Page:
Authors: Carly Phillips
“That’s what I thought Charlotte told me. What about you?” Her gaze strayed to Chase, and this time, she did the studying and her curiosity was evident. “Is that true for you too?” she asked.
“I’ll be home tomorrow.” Chase felt like he was being led someplace, but he hadn’t any idea where. He pinched the bridge of his nose in thought but couldn’t come up with any answers.
“Is there something I can do for you?” he asked, hoping she’d end the suspense.
She dug through her purse and pulled out an insert of pictures but didn’t turn them over. “I need someone to watch out for my daughter.”
“Sloane?” Roman asked before Chase could.
Madeline slid her finger back and forth over the top photo. “When I said she wasn’t quite herself, I was serious. She’s had some . . . disrupting personal news and she needs time alone.”
She raised her gaze to eye Chase once more and chewed on her bottom lip. “This has to be off the record.”
“Of course.” He wished he could see the picture, but she was keeping her cards close.
Madeline exhaled, obviously relieved. “Because I adore Charlotte and Roman, and because I consider myself a good judge of character, I’m trusting you with this information.”
“You won’t be sorry,” he assured her. But he wondered if he would be. He stretched his hand over the back of the sofa and waited for her to continue.
She offered him a strained smile. “I hope not. You see, Sloane took off to regroup. She went to her mother’s hometown. To
hometown,” she said to Chase.
“Why?” Roman asked, jumping back into the conversation.
“Good question,” Chase said.
“One with an easy answer. Yorkshire Falls is as quiet a place as you can get. Sloane thought she’d see where her mother grew up and maybe learn a few things about herself in the process.”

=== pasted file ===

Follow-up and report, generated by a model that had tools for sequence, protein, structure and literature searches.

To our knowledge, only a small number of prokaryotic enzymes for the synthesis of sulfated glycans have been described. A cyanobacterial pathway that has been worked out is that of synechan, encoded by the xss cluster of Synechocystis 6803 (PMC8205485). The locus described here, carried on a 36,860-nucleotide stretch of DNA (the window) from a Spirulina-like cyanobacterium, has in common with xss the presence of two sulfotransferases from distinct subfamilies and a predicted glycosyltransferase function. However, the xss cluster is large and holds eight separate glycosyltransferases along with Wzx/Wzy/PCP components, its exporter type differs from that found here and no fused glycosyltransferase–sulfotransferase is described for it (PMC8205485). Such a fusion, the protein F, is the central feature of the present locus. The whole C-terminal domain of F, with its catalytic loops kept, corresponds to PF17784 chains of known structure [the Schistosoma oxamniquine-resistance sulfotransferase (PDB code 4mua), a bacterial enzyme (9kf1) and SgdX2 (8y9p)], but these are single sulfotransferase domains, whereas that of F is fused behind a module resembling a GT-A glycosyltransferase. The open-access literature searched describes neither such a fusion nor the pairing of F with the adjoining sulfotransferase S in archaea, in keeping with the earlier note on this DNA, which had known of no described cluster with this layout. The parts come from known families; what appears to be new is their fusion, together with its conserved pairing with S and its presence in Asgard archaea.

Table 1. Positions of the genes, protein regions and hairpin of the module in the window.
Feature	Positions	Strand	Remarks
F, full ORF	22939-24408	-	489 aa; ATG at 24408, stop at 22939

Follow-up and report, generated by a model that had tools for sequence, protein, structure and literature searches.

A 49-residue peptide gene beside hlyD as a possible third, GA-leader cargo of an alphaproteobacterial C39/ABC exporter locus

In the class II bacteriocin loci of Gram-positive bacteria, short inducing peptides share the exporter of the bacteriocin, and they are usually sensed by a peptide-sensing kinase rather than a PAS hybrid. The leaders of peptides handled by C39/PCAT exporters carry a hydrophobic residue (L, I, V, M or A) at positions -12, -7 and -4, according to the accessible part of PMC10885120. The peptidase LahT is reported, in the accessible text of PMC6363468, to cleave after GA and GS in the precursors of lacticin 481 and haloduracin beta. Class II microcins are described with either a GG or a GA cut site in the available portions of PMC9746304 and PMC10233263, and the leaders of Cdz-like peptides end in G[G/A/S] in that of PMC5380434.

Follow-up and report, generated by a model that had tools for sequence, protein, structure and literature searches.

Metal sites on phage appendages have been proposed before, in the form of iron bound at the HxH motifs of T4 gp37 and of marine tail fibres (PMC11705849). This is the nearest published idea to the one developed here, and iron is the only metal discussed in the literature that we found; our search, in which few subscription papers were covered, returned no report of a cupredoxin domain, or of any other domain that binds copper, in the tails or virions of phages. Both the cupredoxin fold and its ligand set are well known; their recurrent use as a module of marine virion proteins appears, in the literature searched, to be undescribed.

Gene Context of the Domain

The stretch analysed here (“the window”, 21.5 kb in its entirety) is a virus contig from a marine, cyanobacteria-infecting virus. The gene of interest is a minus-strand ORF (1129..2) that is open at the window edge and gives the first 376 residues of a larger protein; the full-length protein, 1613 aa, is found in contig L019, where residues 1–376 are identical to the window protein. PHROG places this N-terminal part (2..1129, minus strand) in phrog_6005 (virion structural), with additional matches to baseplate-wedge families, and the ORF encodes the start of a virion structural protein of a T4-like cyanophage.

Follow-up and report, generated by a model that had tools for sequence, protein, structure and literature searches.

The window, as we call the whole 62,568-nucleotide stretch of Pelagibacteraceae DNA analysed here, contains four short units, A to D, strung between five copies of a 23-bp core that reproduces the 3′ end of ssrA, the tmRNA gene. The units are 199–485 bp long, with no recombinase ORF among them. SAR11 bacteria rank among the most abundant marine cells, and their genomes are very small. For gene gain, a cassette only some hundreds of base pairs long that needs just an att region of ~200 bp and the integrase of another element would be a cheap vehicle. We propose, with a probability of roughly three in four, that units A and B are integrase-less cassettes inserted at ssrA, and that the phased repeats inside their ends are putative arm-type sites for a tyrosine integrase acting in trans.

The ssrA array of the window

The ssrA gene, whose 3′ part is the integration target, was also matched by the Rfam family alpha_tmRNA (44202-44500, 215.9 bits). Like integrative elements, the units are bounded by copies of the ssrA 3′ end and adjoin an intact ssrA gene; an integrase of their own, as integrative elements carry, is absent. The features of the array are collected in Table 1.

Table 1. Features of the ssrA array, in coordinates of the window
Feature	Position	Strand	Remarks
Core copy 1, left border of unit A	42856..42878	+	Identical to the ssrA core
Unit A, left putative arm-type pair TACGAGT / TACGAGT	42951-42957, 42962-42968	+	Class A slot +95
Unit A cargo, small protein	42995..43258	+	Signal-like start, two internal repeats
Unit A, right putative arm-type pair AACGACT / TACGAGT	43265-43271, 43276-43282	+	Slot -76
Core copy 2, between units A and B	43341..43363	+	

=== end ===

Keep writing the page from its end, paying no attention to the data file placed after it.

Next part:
Enigmatic, Chase thought. Senator Carlisle’s daughter was searching for some R&R in his little small town? When all the family action was in D.C.? Didn’t seem entirely plausible to him. “Where do I come in?”
“How do you feel about a quid pro quo?” Madeline asked.
Chase shrugged. “Depends on what’s being exchanged.”
“I do like your style.” She tucked her hair behind one ear. “Here’s the deal. You go home early and look out for my daughter. In return you’ll get an exclusive interview with me when this is all over. I’m not certain how long she’ll be there, but I need you to make sure she doesn’t get into trouble and doesn’t call too much attention to herself. The last thing she needs is the press following her around.”
Chase leaned forward in his chair and braced his arms on his knees. “What am I in all this?”
“When it comes to Sloane, you won’t be a reporter, you’ll be a
friend.” Madeline’s eyes warmed to her idea. “And any information you want to use on our family, you’ll get from me in our interview. We agreed this was all off the record, remember?”
He remembered, all right. He just felt extremely set up and cornered and didn’t like it one bit. But Roman stood behind him, not objecting to Madeline’s deal. Which meant Roman thought this idea had merit.
Chase scrubbed a hand over his face. “What about protection?” Chase was trained to take in every detail and he’d noticed the Secret Service agents in place around the room where the senator spoke. They had to be protecting Sloane as well.
But Madeline’s next words killed that notion. “She slipped out alone. That’s why she needs you.”